“Could this be any more melodramatic?” drawls Father John Misty as the rain hammers down from the heavens – gazing out over the heads of soaked but dedicated fans towards the blackened clouds crawling across the Norwegian North Sea sky to envelop the Bergen mountains. Yeah, it’s pretty intense; and Sir Joshua Tillman isn’t even laying it on as thick as usual. It’s wet, really wet. The biblical downpour has forced FJM to play on one of Bergenfest’s smaller stages and strip his production down to just himself and piano accompaniment. There’s something both personal and epic about proceedings, and that’s a sentence that sums up this Bergen event.
Set in the Bergenhus Fortress on the coast surrounded by mountains, the picturesque festival welcomes headliners Queens Of The Stone Age, Nick Cave & The Bad Seeds, James Bay and more – but playing to just a fraction of what they’re used to with a capacity of just 9,000. The international acts clearly revel in the intimate intensity of it all. The glitter-goth pop of Pale Waves has landed them worthy attention overseas as their youthful yearning and summer-y bounce threatens to burst the seams of the tiny tent they’re placed in, while J Hus brings a decadence of Brit-rap bangers as he shirtlessly commands a modest but amped up crowd eager to pass him sailing over their heads.
Tom Grennan’s doing the rounds too, oozing with a cocky charisma and everyman charm to see his alt-tinged neo-soul land as well in Bergen as it does in Bedford, before the humility and grace of Little Simz and her genre-hopping artful rap leaves one of the biggest impressions of the whole weekend. We need to see her again. The same goes for the liquid-smooth delivery of Parcels as they showcase why they’re destined to seize the disco rock throne of Daft Punk, and the endless exuberance and Euro-pomp of Phoenix makes for the most bat-shit fun you’ll see on the festival circuit this summer. This is all swell but we came here to get a sample taste of something local.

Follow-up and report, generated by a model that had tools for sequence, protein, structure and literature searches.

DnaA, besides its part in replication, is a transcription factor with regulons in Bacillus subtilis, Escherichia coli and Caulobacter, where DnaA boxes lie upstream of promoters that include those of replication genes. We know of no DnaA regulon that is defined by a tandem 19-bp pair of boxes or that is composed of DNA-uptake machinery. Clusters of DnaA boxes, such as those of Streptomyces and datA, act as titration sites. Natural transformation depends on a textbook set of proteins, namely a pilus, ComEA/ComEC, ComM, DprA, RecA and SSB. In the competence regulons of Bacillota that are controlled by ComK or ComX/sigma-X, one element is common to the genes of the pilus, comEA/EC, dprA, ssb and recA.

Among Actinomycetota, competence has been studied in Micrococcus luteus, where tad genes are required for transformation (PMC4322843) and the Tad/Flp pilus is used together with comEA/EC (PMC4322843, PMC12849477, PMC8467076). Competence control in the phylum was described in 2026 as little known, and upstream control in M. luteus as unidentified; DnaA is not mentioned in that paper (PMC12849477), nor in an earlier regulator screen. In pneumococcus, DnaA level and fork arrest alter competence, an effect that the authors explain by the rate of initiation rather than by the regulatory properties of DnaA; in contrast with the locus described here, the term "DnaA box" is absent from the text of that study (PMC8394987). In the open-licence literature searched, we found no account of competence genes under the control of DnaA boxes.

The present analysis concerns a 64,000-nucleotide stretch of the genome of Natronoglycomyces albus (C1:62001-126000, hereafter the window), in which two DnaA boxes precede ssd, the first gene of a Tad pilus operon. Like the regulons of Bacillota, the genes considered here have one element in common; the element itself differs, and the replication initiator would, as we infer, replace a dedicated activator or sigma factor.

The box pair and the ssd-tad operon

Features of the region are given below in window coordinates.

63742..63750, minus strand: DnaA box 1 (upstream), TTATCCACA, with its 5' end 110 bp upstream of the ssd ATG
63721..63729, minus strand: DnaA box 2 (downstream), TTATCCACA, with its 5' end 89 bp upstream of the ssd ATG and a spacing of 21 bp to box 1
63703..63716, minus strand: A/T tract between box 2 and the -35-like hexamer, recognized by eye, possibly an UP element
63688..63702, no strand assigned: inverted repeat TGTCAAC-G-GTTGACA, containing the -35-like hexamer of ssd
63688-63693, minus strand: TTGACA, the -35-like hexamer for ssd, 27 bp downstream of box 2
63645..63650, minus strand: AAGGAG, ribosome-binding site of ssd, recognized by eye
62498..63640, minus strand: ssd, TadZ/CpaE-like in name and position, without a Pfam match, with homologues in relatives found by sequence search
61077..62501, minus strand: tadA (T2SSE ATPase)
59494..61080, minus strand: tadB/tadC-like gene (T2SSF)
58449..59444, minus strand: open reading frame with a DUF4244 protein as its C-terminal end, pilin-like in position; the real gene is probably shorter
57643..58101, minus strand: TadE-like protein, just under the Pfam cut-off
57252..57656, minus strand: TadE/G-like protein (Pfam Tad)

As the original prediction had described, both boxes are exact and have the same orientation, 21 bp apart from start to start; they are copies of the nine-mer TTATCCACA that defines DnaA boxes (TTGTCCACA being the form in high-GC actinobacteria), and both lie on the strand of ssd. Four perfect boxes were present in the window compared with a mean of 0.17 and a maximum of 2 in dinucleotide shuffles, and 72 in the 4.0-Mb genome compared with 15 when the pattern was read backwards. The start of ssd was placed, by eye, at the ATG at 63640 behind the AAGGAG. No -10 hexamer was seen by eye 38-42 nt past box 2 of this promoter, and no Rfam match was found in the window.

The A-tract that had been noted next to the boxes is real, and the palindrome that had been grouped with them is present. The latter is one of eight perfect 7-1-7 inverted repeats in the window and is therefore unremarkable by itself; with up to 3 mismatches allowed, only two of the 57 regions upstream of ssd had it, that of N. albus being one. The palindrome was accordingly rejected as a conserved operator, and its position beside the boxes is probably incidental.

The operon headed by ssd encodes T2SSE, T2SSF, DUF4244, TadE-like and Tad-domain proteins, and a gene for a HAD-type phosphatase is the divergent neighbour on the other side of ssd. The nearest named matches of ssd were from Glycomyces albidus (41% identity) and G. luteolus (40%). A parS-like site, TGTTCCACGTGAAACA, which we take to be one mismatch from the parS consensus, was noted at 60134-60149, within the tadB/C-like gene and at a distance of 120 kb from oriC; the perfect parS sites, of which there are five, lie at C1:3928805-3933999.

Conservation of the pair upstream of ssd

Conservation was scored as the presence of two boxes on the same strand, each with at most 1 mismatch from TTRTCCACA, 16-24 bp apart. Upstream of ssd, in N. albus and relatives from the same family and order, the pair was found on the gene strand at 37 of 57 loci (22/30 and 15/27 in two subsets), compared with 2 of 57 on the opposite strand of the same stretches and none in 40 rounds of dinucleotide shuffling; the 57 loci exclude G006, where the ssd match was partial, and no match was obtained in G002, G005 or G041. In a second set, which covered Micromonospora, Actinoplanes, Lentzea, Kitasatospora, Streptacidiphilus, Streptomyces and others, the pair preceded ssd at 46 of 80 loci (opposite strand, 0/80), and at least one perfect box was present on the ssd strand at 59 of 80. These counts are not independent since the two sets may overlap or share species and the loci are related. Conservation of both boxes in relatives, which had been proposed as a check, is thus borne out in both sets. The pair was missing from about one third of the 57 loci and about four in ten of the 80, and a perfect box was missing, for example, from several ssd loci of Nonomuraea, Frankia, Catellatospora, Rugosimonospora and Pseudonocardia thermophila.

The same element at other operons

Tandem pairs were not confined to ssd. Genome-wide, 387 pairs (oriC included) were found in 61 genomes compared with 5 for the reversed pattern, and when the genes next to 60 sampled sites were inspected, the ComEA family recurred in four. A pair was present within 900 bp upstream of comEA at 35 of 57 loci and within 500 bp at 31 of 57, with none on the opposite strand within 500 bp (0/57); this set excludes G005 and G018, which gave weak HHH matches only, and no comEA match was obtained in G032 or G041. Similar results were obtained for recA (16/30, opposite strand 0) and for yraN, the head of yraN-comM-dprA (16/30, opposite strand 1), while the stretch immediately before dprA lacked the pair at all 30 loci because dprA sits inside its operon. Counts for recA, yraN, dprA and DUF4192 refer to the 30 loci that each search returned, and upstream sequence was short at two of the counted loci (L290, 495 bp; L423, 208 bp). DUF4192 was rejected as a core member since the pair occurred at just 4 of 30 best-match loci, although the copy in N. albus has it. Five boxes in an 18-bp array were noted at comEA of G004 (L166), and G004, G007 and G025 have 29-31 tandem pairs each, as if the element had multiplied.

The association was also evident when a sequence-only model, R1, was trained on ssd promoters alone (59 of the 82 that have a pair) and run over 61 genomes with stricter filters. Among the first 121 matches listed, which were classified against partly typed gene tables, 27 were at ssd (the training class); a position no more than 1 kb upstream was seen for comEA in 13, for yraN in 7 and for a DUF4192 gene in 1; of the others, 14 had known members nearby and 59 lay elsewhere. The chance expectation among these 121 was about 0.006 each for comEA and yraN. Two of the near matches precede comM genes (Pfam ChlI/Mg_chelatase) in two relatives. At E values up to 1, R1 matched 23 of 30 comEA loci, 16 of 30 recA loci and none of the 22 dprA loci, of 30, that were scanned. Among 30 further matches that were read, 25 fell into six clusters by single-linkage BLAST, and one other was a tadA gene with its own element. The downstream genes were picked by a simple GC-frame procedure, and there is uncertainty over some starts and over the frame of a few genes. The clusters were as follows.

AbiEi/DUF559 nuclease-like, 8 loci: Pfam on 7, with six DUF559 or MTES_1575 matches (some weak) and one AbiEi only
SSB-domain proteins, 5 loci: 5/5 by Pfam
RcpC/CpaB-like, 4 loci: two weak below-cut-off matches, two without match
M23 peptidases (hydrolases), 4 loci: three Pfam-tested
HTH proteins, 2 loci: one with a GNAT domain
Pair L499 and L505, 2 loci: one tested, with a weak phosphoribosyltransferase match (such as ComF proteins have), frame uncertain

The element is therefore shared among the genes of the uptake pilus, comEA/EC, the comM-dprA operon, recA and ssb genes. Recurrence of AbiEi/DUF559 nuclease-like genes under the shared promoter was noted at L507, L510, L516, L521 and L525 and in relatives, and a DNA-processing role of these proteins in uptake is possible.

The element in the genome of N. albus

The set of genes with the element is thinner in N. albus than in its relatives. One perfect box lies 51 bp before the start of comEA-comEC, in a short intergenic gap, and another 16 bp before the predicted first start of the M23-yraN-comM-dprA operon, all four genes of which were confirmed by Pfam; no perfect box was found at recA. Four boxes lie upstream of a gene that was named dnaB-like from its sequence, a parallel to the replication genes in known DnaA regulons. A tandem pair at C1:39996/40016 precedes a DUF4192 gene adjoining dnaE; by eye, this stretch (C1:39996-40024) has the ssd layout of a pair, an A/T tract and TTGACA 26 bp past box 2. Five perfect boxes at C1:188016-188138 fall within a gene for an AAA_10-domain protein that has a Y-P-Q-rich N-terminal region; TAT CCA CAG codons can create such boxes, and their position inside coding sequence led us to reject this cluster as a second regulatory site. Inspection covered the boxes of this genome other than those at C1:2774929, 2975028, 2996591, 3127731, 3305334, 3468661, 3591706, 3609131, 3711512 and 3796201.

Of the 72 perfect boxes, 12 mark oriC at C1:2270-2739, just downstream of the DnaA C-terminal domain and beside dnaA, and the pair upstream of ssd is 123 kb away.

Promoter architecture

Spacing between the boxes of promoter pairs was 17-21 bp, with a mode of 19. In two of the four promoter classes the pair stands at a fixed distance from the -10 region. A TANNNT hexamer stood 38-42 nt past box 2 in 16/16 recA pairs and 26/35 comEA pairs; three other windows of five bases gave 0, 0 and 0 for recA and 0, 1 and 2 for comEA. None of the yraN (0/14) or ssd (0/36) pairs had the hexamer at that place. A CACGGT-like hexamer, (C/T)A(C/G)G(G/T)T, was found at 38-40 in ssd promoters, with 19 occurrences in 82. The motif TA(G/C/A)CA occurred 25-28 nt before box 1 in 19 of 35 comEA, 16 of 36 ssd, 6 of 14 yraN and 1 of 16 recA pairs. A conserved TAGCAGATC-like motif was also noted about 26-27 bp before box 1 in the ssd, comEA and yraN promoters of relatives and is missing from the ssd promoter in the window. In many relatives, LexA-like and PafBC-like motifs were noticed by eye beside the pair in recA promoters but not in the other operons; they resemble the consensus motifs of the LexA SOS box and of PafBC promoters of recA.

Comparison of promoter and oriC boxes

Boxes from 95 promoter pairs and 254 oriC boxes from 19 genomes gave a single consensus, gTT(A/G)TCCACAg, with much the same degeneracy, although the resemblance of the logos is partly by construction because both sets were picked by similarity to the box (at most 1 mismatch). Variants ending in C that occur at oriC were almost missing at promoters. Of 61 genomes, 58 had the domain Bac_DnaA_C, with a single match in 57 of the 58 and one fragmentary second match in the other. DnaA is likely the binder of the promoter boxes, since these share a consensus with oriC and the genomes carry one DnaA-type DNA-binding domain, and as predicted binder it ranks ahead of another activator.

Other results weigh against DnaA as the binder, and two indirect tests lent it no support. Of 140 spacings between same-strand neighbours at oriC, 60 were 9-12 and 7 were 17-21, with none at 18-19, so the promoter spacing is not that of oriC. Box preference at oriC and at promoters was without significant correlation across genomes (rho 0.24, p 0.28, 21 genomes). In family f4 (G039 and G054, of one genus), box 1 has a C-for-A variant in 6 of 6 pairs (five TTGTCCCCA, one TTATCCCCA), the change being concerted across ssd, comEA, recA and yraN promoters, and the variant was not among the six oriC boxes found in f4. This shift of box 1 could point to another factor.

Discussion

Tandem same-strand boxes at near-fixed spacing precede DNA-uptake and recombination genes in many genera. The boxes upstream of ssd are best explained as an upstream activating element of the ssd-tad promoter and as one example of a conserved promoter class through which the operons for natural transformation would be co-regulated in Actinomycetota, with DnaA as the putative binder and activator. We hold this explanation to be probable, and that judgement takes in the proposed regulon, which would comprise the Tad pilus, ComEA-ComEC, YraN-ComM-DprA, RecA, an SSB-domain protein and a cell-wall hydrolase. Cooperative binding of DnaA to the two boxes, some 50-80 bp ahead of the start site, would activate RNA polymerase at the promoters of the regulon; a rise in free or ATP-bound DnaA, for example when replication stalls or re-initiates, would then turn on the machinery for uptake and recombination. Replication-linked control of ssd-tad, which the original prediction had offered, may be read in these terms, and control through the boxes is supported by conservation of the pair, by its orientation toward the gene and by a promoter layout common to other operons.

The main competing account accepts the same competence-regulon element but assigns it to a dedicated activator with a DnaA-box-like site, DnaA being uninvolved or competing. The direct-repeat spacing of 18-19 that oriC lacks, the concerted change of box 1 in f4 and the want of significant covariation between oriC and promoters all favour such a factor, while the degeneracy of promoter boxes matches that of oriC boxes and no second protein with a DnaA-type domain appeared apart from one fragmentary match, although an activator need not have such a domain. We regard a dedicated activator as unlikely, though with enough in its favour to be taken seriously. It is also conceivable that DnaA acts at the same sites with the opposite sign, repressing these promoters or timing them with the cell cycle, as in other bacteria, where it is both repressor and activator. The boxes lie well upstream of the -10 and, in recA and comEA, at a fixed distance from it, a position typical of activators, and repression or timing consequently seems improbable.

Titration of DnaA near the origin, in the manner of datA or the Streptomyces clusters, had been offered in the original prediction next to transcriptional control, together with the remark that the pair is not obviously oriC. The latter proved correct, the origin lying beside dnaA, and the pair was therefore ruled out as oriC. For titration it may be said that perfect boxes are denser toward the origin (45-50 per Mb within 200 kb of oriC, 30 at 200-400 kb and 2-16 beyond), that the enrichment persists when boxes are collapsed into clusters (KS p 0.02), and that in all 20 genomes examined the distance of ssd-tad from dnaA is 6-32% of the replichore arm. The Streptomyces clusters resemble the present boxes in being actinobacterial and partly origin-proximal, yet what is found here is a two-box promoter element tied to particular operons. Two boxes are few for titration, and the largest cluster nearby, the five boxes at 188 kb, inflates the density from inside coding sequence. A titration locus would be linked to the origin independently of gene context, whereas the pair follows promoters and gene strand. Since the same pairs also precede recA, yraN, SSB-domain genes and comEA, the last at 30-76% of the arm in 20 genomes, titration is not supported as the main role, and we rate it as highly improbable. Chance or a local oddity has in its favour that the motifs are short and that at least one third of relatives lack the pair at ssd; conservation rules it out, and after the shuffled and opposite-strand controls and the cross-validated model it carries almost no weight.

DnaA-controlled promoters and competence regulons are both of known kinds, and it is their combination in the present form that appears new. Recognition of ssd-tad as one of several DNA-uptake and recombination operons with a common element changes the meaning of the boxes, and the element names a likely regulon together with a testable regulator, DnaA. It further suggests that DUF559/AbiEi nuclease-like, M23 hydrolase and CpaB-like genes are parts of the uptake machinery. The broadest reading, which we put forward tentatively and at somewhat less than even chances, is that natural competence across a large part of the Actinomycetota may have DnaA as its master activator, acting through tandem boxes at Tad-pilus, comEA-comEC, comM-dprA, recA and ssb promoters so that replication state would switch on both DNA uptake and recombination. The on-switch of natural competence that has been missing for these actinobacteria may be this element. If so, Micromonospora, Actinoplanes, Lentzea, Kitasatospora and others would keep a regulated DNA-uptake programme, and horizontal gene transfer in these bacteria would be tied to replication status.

Born and raised up the coast in Ålesund before finding fame in Bergen and topping every “ones to watch” list worth reading, the Sound Of 2018 Sigrid’s main stage performance is not only a heartening homecoming but a triumphant victory lap. Pulling the biggest crowd of the weekend, the 21-year-old’s humbled charisma is elevated by the bombastic performance of her elastic arena pop. The way she can command so many with the artfully infectious ‘Plot Twist’ and ‘Strangers’ responds to the hype that worldwide festival headline status awaits her in the future. She’s already sold out Somerset House next month. Watch this space.
Fellow Nords Shikoswe and Great News leave us blissfully hypnotised from two very different ends of the psych-rock spectrum, but we’re soon awoken by the totally unexpected: local lad MachoMayne. With an explosive trap-infused sound, the 13-year-old tyke plays three times across the week to an increasingly more feral crowd. His biggest hit is about fidget spinners, and his other influences are drawn from “mocking rich kids in the mountains” and “whatever’s going down in the playground”. It sounds proper crap on paper, but he must be seen to be believed.
Same goes for the power-pop balladry of Halie. She’s only 17, but has already worked with the producers behind the likes of Sam Smith and Sigrid. Not many new acts could pull of a main stage set like with just a few gigs under their belt, but Halie seems to be bred for greatness. Astrid S meanwhile, goes at it like she’s already there. A social media and streaming phenomenon without even a word whispered of when to expect her debut album, the former Norwegian Idol runner up fires out slick and sultry electro-pop bangers like its a greatest hits set. She’s pretty fucking great.
She may be rapping in Norwegian, but there’s something universal and immediate about the summer-y R&B bounce of Myra that transcends language. A good time is a good time no matter how you say it. Another word synonymous with a party round these parts is ‘Sløtface’. They won over critics and the DIY rock faithful with onslaught on feminist party punk on acclaimed debut album ‘Try Not To Freak Out’ last year, but freak out and go absolutely ape-shit is the only option as tear through the packed-out Magic Mirror tent with total abandon and without a shred of concern for their own safety. Album No.2 can’t come soon enough.
Backstage, I ask them what it is about Bergen that harbours such a vibrant music community.
“There’s patriotism that keeps people in Bergen. When we see Sigrid on a billboard in Times Square in New York, it feels like we all succeed,” Sløtface singer Haley Shea tells us. Guitarist Tor-Arne Vikingstad agrees: “They are world champions in talking each other upwards, being supportive and creating a communal feeling. I wish the rest of the rock scene was like that.”
If only it was. Here there’s a music scene open to all but where no two artists sound the same, a dramatic clash of sounds in perfect harmony. It’s a pretty idyllic festival location with a sea of local talent to boot. In Bergen when it rains, it pours.